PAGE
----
Ruth Vieira Melo
Ruth Vieira Melo, FGV-EAESP winner of the CoBS 2020 student CSR article competition, explores how women have been fighting for their rights and how companies can integrate this fight and contribute to reshaping old values that facilitate the maintenance of violence against women – one of the worst aspects of the suppression of women’s rights.
Women take the lead to ensure security and autonomy for themselves and future generations
From Suffragettes to #MeToo women: The evolution of the fight for women’s rights
The United Nations defines human rights as the rights to life and liberty, freedom from slavery and torture, freedom of opinion and expression, the right to work and education, and many others that are inherent to all individuals regardless of their race, sex, ethnicity, religion or other status (United Nations, n.d.). Nevertheless, certain groups still do not enjoy these rights and one of these groups is composed of women and girls around the world. Throughout History, women have been fighting to change this reality. There has been great progress, but there is still a long way ahead.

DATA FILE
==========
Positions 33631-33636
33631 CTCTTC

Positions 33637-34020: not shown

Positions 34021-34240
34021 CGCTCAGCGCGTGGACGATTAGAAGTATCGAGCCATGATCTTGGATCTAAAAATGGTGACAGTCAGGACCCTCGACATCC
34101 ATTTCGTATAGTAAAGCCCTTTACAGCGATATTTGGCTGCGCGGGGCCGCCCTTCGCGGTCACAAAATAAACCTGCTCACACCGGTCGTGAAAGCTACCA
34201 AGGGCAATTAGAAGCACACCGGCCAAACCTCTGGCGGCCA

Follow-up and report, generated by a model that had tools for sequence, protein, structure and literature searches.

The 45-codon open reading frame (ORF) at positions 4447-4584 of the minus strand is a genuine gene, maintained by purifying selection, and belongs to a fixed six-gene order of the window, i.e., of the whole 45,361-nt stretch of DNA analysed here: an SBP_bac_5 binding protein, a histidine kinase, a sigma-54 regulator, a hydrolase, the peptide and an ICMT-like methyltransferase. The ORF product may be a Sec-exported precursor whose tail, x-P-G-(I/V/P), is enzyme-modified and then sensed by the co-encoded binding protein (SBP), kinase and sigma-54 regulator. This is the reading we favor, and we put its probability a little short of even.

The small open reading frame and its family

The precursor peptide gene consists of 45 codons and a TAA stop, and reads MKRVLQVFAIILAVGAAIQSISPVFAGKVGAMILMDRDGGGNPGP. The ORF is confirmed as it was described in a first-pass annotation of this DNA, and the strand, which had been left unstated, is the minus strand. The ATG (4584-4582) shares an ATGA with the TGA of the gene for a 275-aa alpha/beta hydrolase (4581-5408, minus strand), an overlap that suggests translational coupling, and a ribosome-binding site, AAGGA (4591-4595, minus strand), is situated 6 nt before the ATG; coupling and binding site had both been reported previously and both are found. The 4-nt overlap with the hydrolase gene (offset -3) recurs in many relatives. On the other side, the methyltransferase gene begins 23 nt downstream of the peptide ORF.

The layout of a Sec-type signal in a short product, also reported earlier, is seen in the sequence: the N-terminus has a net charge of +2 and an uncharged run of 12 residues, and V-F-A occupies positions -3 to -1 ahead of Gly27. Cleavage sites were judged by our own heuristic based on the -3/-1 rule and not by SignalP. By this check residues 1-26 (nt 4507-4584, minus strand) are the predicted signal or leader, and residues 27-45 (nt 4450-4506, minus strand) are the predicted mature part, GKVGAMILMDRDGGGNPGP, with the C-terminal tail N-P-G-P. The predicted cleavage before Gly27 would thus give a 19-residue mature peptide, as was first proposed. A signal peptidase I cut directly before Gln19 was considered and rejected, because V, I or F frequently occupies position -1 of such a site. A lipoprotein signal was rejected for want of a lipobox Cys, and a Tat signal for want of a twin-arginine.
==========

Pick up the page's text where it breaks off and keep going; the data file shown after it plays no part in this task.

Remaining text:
Regarding, for instance, the right to vote, New Zealand was the first country to allow women to vote at the end of 19th century (Amnesty International, n.d.). In the beginning of the 20th century, women in Britain started the Suffragists movement aiming to conquer the right to vote. They believed in peaceful protests but made no immediate progress. That is why a frustrated member left the organization and started what were called Suffragettes group, whose actions became more violent and involved breaking windows and even planting bombs. It was only in 1918, after women became more active in the labor market during the First World War, that the right to vote was conceded to women over 30 years’ old who owned a property (Amnesty International UK, n.d.). In Brazil, this only happened in 1932, but with certain restrictions: only married women that had their husband’s consent could vote and also widows and single women that had some income (Gouvea, 2019). Even though, nowadays, women still face trouble to vote – for instance in Pakistan, mainly in remote areas in the north of the country, where Pakistani women made a great effort to vote in the last election in 2018, and when millions of women registered to vote for the first time (Jaffery, 2018). Another human and basic right is the access to education. Only at the end of the 19th century, in Britain, the first university opened its courses for women (Amnesty International UK, n.d.). More than a hundred years later, women still have low access to education in certain parts of the globe. In Afghanistan, for example, the enrolment rate in secondary school was 34% for male and only 13% for female, in 2007 (UNESCO, 2014). The list is inexhaustible – that is why, today, we cannot say that this activism exists only in History books. It is more alive than ever.